Now that my time in my undergraduate career is coming to a close, I’d like to share some of my favorite courses I’ve taken over the last four years:
Race, Gender and Class (spring 2015): I took my first women’s studies class the semester before and was a little disappointed in the content of the course, but this course was more intersectional talking about how feminist issues span across all (you guessed it) races, genders and classes. It was really thought-provoking and I really enjoyed having discussions (especially at the beginning of class where we talked about recent events from a feminist standpoint) and watching different documentaries.
Conservation of Biodiversity (fall 2016): While I was a bit bummed my credits didn’t transfer after taking an extremely similar course abroad, this class turned out to be great and the professor is one of my all time favorites. Everyday, we would have a lecture that included a small bit on a specific species and its conservation story. Professor Smith really opened my mind to all sorts of different careers out there in conservation and I was always blown away by his travel stories. As a conservation biologist, it’s really easy to get down about the grim future of our planet and its inhabitants, but in a very emotional speech on his last lecture ever (he retired after this past fall semester), he said the most important conservation tool out there is you (I’m welling up just thinking about it!). He is a brilliant professor and a great man (to be honest, if he wasn’t, I wouldn’t have made it to his 7:30AM lectures as often). Not to mention, my now research mentor Rick was the teaching assistant for that course and that’s how I recognized his name and applied to be in his lab, which has also opened so many doors for me!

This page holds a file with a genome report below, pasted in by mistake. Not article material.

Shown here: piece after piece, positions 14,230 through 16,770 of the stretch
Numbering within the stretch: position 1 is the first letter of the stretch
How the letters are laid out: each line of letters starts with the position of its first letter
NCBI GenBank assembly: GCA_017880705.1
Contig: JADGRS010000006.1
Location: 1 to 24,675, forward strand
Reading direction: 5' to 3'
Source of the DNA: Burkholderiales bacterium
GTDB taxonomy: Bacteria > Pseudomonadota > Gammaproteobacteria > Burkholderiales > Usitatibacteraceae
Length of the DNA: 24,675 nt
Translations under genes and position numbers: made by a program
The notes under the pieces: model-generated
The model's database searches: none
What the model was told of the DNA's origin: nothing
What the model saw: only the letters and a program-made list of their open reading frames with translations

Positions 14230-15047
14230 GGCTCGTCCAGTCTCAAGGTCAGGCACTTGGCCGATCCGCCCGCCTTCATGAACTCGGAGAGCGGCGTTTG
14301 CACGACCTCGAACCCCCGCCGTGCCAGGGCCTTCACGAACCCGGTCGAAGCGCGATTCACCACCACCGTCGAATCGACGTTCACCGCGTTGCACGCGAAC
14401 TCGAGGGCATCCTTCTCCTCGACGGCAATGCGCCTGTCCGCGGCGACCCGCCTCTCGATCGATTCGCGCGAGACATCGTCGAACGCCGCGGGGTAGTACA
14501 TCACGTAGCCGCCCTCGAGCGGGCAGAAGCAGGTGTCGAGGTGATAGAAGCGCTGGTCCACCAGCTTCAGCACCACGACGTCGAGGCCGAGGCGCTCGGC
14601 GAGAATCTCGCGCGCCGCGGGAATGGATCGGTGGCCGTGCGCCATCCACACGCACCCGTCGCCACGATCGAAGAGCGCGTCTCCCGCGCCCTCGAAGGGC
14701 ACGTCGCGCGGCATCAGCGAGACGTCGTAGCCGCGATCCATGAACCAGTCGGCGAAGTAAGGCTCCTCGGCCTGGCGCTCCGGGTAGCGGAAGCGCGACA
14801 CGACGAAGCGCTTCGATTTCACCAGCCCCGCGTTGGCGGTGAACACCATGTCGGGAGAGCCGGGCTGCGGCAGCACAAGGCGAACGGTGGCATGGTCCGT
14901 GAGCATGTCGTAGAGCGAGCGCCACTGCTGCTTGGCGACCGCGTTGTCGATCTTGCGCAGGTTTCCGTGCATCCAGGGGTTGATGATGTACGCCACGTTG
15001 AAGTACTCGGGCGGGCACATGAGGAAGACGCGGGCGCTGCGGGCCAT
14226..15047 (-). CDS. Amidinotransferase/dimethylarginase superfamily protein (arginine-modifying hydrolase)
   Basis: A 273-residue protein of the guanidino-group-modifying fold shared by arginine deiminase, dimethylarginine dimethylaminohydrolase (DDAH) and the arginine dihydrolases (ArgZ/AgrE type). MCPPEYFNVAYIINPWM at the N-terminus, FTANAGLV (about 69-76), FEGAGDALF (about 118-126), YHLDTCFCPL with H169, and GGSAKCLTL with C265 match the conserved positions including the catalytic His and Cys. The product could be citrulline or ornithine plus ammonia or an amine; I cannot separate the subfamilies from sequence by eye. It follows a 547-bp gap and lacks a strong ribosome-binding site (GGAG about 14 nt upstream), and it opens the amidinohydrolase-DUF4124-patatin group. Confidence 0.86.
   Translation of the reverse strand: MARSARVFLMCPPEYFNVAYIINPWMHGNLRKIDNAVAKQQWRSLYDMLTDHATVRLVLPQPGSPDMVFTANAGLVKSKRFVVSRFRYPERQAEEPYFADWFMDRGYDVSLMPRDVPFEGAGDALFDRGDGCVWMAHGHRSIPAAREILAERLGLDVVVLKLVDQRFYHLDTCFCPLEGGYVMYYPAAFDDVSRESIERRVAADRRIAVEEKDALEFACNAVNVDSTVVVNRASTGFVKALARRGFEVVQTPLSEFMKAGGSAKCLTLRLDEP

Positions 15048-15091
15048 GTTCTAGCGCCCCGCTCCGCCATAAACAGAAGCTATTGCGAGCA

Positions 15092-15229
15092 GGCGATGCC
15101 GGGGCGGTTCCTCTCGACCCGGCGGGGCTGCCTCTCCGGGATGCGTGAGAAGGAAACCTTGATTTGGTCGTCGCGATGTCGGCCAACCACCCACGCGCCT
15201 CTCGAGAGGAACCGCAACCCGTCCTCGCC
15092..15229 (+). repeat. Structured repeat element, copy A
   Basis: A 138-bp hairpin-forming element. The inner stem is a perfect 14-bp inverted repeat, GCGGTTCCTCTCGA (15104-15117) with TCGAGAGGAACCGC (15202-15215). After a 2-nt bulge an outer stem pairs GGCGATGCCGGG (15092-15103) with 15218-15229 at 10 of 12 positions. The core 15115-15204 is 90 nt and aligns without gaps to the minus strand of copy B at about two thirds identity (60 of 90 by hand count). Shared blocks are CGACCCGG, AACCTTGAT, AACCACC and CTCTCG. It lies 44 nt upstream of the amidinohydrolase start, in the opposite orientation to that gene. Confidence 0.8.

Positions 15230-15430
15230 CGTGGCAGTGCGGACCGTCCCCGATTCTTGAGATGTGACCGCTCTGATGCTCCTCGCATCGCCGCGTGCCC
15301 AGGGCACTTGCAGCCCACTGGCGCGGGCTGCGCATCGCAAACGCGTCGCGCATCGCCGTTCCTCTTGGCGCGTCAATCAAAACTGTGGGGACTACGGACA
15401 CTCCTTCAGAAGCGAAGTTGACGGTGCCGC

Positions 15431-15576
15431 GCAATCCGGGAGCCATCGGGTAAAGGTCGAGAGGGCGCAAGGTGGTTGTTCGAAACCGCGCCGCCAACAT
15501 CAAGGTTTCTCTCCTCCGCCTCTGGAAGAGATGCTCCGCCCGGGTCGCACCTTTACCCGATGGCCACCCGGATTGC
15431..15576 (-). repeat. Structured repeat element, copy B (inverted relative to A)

Environmental Ethics (fall 2016): This class, too, was really thought provoking. I became really interested quite early on in the course. We read so many amazing papers and books in this class, I couldn’t get enough. However, the more I find out about these ethical questions, the more unsure I am about where I stand on these issues. Near the end of the semester, I approached the professor (Ben) about helping with his work or the work of his teaching assistants. This semester, I am doing an independent research project with the guidance of his former teaching assistant and am in a similar ethics class (more focused on conservation than environmental science topics such as climate change) taught by one of his Ph.D. mentees. This is a really interesting field that I would love to work in someday.
Animal Behavior (spring 2017): In addition to her cool accent, Dr. Plowes is a really fun, energetic and creative professor. We basically just learn fun facts about animals and watch David Attenborough documentaries. We entering a unit that particularly interests me: sexual selection. She complements her lectures with the occasional activity, documentary screening and quizzes to check our understanding. Her teaching assistant Andrew also makes the lectures really fun by always throwing in more fun facts.
As you can see, these courses are later in my undergraduate career as my first few years were spent taking general classes. These professors and courses have really shaped what I’ve become interested in as I’m heading out into the real world in the next few months.